Every pilot wants the peace of mind provided by an on-board collision avoidance system, but unless you fly an airliner or bizjet, TCAS is probably out of the question. There are less expensive alternatives, however. A few months ago, AVweb publisher Carl Marbach installed a Ryan TCAD model 9900 in his Aerostar 601P — which itself involved some nasty surprises — and since then has been putting the unit through its paces. Carl describes what it's like to fly with this device, and discusses whether or not it's worth the money.
September 20, 1998
mid-air collision can, as they say, ruin your day. While we all know that we should spend
lots of time and effort looking outside for other aircraft, the increasing computerization
of our cockpits GPSs, FMSs, digital engine analyzers, and other bleeding-edge cockpit
gadgetry is demanding ever more of our time inside. A United Airlines check pilot once
expressed his airline's concern about the new flight management systems and "glass
cockpit" aircraft this way: "If you looked in through the windshield of a modern
jetliner, all you'd see is two bald spots." Those, of course, would be the heads of
the front seat occupants looking down at their FMS computers instead of looking outside.
To answer some of those concerns, airlines have had to install TCAS Traffic
Collision Alert Systems in all their aircraft. Bizjets have followed suit and most
modern jet aircraft are so equipped today. But, as often happens in aviation, those who
need it the most don't have it. General Aviation operates in a more crowded environment
than the airlines, and to make matters worse, we do it mostly VFR. There are about 5,000
airline aircraft flying today, but more than 200,000 GA planes in that same airspace. The
airlines fly most of their trips at the Flight Levels above 18,000 feet while GA spends
most of its time below 8,000 feet in the haze, smog, rain and other challenges to
When I invite non-pilot passengers aboard my Aerostar, most look
at the instrument panel and are comforted by the prominent radar in the center, because
they think it is used to avoid other aircraft. When they see a "Radar Equipped"
decal on the side of an aircraft, the general public thinks it is for traffic avoidance
rather, not weather avoidance. Most folks would be horrified to learn that our only tool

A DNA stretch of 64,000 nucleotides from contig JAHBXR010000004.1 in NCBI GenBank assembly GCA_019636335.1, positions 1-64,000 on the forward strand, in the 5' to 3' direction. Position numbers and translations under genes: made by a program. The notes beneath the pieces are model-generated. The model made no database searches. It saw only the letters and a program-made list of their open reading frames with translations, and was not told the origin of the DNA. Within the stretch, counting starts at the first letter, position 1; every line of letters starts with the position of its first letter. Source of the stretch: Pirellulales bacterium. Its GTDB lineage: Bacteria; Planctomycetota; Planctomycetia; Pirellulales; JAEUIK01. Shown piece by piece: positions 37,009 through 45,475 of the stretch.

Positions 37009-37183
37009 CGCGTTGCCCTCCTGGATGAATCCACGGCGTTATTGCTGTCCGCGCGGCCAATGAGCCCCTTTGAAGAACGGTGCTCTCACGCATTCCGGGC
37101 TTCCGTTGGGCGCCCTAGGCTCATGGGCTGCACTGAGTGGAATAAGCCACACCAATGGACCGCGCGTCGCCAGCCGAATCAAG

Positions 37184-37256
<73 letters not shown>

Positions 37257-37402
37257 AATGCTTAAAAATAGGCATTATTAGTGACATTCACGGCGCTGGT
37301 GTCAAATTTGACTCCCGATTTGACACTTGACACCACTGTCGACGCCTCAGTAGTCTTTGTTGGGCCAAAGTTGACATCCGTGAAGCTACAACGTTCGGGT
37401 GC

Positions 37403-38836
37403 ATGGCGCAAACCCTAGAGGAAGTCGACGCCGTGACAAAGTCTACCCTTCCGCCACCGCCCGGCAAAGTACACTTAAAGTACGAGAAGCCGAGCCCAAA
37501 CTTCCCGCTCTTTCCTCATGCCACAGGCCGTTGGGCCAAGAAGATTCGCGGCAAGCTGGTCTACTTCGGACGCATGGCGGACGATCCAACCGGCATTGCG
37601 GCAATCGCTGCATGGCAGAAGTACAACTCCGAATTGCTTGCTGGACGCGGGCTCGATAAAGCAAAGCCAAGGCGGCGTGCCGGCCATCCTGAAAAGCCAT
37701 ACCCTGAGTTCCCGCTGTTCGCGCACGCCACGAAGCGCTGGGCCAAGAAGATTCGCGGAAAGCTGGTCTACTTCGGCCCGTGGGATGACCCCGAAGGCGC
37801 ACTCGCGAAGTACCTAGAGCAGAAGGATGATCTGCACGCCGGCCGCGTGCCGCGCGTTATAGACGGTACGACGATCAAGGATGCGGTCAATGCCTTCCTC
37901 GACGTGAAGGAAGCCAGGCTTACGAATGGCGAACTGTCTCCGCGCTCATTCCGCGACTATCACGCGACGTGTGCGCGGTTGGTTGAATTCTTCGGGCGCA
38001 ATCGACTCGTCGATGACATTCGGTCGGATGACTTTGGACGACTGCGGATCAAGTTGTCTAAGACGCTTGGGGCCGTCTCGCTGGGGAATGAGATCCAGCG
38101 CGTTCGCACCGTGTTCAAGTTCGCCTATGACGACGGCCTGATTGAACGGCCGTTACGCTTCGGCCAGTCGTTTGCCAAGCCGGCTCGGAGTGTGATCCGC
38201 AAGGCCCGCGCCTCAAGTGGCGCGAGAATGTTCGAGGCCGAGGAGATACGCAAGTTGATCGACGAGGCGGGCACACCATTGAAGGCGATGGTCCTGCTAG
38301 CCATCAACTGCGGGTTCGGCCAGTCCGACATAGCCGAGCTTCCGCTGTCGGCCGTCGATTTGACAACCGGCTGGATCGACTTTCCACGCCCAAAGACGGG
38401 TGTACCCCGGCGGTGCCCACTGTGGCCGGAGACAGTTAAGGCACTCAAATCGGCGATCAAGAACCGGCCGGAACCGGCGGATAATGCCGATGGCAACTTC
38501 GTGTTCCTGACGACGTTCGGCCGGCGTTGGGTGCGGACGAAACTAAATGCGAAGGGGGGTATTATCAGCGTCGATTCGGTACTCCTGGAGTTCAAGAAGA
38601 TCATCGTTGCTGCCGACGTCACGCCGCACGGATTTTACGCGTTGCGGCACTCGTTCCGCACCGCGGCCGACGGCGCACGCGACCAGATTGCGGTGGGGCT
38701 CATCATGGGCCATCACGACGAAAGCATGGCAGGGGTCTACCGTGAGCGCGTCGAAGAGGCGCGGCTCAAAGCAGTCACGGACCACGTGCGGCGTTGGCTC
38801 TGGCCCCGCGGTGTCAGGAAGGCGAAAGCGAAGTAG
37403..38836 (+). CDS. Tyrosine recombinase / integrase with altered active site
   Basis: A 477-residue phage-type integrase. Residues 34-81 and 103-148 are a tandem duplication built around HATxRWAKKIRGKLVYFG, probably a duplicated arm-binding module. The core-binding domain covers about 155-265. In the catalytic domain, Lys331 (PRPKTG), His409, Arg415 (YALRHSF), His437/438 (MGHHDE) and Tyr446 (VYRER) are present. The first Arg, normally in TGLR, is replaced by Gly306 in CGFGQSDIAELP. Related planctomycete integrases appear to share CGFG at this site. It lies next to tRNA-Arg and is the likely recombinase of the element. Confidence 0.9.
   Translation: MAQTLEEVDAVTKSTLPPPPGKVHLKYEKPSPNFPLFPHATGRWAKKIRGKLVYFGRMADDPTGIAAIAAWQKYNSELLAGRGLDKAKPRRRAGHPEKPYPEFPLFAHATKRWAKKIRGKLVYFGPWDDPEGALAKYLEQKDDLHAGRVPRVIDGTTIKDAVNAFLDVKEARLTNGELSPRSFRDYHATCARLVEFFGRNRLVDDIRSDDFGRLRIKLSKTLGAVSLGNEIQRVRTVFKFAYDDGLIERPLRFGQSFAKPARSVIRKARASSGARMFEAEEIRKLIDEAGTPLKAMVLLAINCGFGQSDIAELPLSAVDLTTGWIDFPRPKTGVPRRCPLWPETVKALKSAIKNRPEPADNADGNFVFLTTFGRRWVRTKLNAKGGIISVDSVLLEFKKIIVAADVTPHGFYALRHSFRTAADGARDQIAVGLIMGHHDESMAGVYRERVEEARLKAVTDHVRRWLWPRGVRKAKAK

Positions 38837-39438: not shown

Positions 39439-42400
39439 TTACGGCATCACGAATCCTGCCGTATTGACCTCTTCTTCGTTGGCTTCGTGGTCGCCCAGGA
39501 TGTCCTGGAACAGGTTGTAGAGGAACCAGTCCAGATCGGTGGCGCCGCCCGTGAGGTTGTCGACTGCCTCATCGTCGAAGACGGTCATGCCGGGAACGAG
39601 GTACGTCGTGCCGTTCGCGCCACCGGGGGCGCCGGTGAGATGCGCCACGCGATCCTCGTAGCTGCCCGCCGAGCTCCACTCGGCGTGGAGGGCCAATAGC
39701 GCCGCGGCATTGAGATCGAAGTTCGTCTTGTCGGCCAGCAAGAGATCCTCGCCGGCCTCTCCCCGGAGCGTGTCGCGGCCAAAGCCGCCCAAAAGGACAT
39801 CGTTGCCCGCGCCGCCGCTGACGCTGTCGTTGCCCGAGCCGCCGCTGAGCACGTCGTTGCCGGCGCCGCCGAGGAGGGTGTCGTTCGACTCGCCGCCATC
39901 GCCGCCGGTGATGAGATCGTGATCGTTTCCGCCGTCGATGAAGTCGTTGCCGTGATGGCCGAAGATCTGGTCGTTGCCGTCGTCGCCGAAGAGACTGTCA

for avoiding collision is looking out the window.
So why not some type of collision avoidance system for GA? Well, the TCAS system
that the airlines and corporate jet-setters use is simply way too expensive. One bizjet
operator told me that the TCAS installations in their airplanes cost more than $75,000
each. Recently, BF Goodrich developed a lower-cost GA system, very similar to TCAS, that
sells for about half of that figure, but that's still far beyond what most piston GA
aircraft owners can afford.
The lowest-cost collision
avoidance solution presently approved for certificated aircraft comes from Ryan
International Corporation in Columbus, Ohio. Inventor Paul Ryan is perhaps best known for
developing the Ryan Stormscope thunderstorm avoidance system, which was later acquired by
3M and later by BF Goodrich. Ryan's solution for the GA collision avoidance problem is
called TCAD Traffic Collision Avoidance Device and has now evolved into a family of
five models with prices that range from $4,995 to $13,850 (not including antennas and
installation). A few months ago, I had a top-of-the-line Ryan TCAD 9900B installed in my
1979 Aerostar 601P, N6069N.
A Different Approach
The Ryan TCAD system is different than TCAS, which is why the names differ slightly.
The TCAD is a passive device, which listens to transponders, some of which may be a
collision threat, while TCAS is an active device that actually interrogates
transponders in the vicinity. Consequently, the TCAD is effective only if nearby
transponders are being interrogated by something else, like an ATC radar facility
or a TCAS-equipped aircraft. This doesn't seem to be a problem, however, at least in the
conterminous U.S. I've now flown with TCAD in some very remote areas of the "Lower
48" and it is a rare event indeed when my transponder reply light isn't blinking. (If
the transponder is blinking, it's being interrogated from somewhere, and the TCAD will be
Display unit, TCAD 9900 B.
The method of traffic display used by the Ryan TCAD is also very different from TCAS.
TCAS typically displays the position of threat traffic in graphic fashion on a circular
instrument showing your airplane in the middle, and some TCAS systems can display traffic
on a mapping system or EFIS display. In contrast, the Ryan TCAD has only an alphanumeric
display that shows the altitude and approximate distance of the threat and, on my
top-of-the-line 9900B model, an arrow showing the approximate direction of the threat.
The alphanumeric TCAD display takes some interpretation, and since the traffic may be
closing rapidly the non-intuitive nature of the display can be a problem. Fortunately,
after flying with the TCAD for a while, you learn how to determine quickly if the traffic
is a real threat (i.e. is at the same altitude and close by) and what direction to look
for it. My experience with the TCAD is that when it shows no threats you can relax, and
when it reports traffic, you better get your eyes out of the cockpit and start looking.